Overcoming Your Fear of Going to the Dentist
Fear of dentists is common, and stems not so much from the pain as from the lack of control patients feel in the dentist’s chair. Some relate their fear to a previous bad dental experience while others dread unpleasant side effects, like mood swings, anxiety disorders, posttraumatic stress, or substance abuse. Whatever your excuse for delaying visits to your dentist, you should be facing and dealing with your fears rather than compromising on your oral health.
To begin with, you should know you are not alone in this experience. Millions of people avoid their dentists, and around 9% to 15% Americans (around 30 to 40 million) skip their visits because of fear and anxiety. Follow these tips for an improved perception of your dental experience and help fight your nervousness and mistrust.
- Find a considerate dentist. Ask for help from your family and friends’ in finding a dentist who is both experienced and can handle anxious patients.
- Once you have found a suitable dentist, pay them a visit. This will help you get a good idea of the environment and familiarize yourself with the staff. Meet the dentist and tell him about your fears beforehand so they can prepare for your check-up in a way that is comfortable for you.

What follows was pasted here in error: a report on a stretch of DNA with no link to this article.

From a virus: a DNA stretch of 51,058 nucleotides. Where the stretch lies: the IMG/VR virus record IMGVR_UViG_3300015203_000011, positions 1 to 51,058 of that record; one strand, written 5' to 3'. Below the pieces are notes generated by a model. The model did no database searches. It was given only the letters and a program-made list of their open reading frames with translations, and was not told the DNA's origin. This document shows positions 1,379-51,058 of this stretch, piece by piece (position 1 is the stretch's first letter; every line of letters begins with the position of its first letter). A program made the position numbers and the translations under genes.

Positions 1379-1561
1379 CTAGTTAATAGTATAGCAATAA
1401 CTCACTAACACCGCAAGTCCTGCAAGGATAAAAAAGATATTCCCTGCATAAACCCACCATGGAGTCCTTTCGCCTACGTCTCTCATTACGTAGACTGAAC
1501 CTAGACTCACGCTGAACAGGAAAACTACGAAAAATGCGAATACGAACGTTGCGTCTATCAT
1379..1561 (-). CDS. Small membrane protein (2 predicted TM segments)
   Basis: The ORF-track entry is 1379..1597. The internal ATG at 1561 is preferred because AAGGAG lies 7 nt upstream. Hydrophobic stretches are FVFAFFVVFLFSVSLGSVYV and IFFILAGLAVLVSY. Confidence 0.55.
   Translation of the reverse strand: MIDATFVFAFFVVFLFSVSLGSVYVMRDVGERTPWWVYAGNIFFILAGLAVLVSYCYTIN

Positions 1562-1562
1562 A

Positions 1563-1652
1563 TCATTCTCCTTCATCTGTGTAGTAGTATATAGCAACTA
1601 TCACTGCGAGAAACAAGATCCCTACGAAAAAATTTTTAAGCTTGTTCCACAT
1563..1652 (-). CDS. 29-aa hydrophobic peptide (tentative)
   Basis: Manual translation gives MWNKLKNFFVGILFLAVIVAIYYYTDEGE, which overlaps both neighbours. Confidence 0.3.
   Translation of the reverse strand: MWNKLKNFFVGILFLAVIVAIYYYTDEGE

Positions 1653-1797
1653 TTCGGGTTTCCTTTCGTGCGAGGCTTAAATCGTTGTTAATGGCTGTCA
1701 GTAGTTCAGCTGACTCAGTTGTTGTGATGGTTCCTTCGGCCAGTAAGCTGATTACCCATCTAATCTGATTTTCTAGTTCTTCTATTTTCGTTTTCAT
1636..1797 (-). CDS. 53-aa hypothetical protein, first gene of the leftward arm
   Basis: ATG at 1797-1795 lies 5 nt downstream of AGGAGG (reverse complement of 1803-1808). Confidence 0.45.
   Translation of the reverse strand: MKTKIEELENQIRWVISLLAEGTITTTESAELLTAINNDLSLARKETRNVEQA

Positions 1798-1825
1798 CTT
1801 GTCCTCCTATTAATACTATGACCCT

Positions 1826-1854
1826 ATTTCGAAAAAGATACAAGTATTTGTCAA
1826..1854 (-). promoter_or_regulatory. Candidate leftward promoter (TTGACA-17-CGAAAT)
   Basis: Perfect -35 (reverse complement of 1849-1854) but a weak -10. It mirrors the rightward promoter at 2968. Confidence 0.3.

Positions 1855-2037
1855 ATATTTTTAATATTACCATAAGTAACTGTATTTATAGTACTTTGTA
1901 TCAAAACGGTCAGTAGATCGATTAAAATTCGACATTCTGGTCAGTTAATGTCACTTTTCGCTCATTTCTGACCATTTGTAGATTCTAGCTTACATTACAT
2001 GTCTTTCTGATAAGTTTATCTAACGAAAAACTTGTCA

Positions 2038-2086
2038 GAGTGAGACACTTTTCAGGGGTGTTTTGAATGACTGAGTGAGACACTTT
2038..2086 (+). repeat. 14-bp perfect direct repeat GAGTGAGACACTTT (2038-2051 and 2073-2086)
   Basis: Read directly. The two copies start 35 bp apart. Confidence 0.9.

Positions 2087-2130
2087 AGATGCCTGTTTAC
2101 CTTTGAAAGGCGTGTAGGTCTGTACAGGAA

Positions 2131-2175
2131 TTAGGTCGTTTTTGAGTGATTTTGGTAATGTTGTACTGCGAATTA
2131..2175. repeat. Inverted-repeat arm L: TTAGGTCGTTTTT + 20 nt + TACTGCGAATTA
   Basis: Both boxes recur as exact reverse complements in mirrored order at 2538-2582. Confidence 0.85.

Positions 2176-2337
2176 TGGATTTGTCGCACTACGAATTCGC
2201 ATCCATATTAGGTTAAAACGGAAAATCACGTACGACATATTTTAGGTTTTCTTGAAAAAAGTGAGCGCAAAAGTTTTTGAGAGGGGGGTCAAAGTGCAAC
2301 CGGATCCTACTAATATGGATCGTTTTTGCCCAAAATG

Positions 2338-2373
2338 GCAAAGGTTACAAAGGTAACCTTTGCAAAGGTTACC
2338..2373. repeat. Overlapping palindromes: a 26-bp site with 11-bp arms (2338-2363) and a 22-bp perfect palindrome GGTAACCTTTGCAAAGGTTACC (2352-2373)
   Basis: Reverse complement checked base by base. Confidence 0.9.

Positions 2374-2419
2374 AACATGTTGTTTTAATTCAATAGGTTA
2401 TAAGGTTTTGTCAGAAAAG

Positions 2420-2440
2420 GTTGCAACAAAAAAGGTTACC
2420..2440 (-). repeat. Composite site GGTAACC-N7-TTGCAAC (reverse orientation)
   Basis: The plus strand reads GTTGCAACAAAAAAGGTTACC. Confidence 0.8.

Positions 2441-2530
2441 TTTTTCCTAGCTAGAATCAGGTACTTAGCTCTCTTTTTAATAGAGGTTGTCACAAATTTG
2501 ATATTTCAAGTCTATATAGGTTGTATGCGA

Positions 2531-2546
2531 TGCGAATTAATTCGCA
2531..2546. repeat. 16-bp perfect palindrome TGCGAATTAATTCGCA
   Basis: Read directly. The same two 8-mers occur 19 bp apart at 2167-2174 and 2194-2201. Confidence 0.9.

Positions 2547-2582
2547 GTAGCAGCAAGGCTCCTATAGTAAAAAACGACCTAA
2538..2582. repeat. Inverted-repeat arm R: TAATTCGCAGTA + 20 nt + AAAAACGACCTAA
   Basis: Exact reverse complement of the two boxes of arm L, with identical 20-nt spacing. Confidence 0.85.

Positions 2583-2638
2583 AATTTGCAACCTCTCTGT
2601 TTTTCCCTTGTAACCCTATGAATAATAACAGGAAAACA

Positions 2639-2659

- Go for an early morning appointment so you do not perch on it for long.
- The first day will usually be a simple check-up so don’t worry about going under a needle or drill. Consider this first appointment as a chance to acquaint with the dentist.
- Bring a loved one with you so you have plenty of moral support.
- Bring your music player to help you relax better.
- Settle for a sign with the dentist to let them know when you need to take a break and want them to stop. This could be as straightforward as finger pointing, and will help you feel more at ease and in control.
- If you see this as helpful, start off with minor procedures, like teeth cleaning and polishing, to help you get the hang of it. Work up to major treatment once you are satisfied and have built up enough trust with your dentist.
Keep in mind the positive results you will get in the form of improved oral hygiene and a confident personality. This should help you go through the process easily.